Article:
Scent of a Woman (1992 film)
|Scent of a Woman|
Theatrical release poster
|Directed by||Martin Brest|
|Produced by||Martin Brest|
|Screenplay by||Bo Goldman|
by Giovanni Arpino
|Music by||Thomas Newman|
|Cinematography||Donald E. Thorin|
|Edited by||William Steinkamp
City Light Films
|Distributed by||Universal Pictures|
|Box office||$134.1 million|
Scent of a Woman is a 1992 American drama film produced and directed by Martin Brest that tells the story of a preparatory school student who takes a job as an assistant to an irascible, blind, medically retired Army officer. The film is a remake of Dino Risi's 1974 Italian film Profumo di donna, adapted by Bo Goldman from the novel Il buio e il miele (Italian: Darkness and Honey) by Giovanni Arpino and from the 1974 screenplay by Ruggero Maccari and Dino Risi. The film stars Al Pacino and Chris O'Donnell, with James Rebhorn, Philip Seymour Hoffman and Gabrielle Anwar.
Pacino won the Academy Award for Best Actor for his performance and the film was nominated for Best Director, Best Picture and Best Adapted Screenplay. The film won three major awards at the Golden Globe Awards: Best Adapted Screenplay, Best Actor and Best Motion Picture – Drama.
The film was shot primarily around New York state, and also on location at Princeton University, at the Emma Willard School, an all-girls school in Troy, New York, and at the Ethical Culture Fieldston School in New York City.
Charlie Simms is a student at an exclusive New England prep school. Unlike most of his peers, Charlie was not born to a wealthy family. To pay for a flight home to Oregon for Christmas, Charlie accepts a temporary job over Thanksgiving weekend looking after retired Army Ranger Lieutenant Colonel Frank Slade, whom Charlie discovers to be a cantankerous, blind alcoholic.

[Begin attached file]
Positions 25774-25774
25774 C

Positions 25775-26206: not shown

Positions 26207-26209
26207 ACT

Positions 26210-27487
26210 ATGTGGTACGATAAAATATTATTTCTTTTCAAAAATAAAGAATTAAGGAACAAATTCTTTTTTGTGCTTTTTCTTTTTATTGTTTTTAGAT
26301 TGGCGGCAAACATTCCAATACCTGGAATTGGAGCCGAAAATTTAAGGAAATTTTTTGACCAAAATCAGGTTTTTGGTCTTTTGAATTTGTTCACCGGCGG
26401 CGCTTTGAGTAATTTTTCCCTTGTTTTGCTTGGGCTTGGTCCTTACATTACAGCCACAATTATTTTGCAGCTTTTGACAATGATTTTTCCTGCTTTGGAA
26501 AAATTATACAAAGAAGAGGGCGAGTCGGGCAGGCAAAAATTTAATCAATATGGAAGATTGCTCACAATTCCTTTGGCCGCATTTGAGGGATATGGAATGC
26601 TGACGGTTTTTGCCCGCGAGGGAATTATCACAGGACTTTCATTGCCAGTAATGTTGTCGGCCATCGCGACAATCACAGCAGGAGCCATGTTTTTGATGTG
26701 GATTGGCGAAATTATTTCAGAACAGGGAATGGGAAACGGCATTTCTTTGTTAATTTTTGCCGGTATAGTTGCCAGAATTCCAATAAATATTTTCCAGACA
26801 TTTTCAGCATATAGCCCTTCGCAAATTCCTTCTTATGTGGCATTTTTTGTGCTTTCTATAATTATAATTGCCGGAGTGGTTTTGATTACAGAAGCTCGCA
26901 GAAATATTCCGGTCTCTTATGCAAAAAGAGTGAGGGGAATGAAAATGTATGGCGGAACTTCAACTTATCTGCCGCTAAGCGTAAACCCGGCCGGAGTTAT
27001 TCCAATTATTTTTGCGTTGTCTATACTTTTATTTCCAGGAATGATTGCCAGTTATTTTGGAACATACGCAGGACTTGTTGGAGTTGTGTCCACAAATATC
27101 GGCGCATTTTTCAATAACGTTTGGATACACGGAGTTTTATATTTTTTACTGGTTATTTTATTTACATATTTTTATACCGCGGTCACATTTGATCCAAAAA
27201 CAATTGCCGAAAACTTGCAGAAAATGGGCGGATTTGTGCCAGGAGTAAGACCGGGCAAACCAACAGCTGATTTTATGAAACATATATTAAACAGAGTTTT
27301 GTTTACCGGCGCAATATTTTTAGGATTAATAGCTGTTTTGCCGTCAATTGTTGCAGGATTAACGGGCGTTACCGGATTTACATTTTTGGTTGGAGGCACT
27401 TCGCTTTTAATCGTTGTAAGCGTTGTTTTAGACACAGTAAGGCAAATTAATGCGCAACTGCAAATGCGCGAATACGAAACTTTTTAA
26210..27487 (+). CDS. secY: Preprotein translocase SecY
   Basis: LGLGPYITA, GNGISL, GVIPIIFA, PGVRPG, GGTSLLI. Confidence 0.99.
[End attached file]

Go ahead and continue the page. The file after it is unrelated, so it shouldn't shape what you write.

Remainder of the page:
Charlie and George Willis, Jr., another student at the preparatory school, witness three students setting up a prank for the school's headmaster, Mr. Trask. Following the prank, Trask presses Charlie and George to divulge the names of the perpetrators. Trask offers Charlie a bribe, a letter of recommendation that would virtually guarantee his acceptance to Harvard. Charlie continues to remain silent but appears conflicted.
Shortly after Charlie arrives, Slade unexpectedly whisks Charlie off on a trip to New York City. Slade reserves a room at the Waldorf-Astoria. During dinner at the Oak Room, Slade glibly states the goals of the trip, which involve enjoying luxurious accommodations in New York before committing suicide. Charlie is taken aback and does not know if Slade is serious.
They pay an uninvited surprise visit to Slade's brother's home in White Plains for Thanksgiving dinner. Slade is an unpleasant surprise for the family, as he deliberately provokes everyone and the night ends in acrimony. During this time the cause of Slade's blindness is also revealed as a drunken trainee mishap with a grenade.
As they return to New York, Charlie tells Slade about his complications at school. Slade advises Charlie to inform on his classmates and go to Harvard, warning him that George will probably be pressured into not maintaining his silence. Later at a restaurant, Slade is aware of Donna, a young woman waiting for her date. Although blind, Slade leads Donna in a spectacular tango ("Por una Cabeza") on the dance floor. That night, he hires a female escort.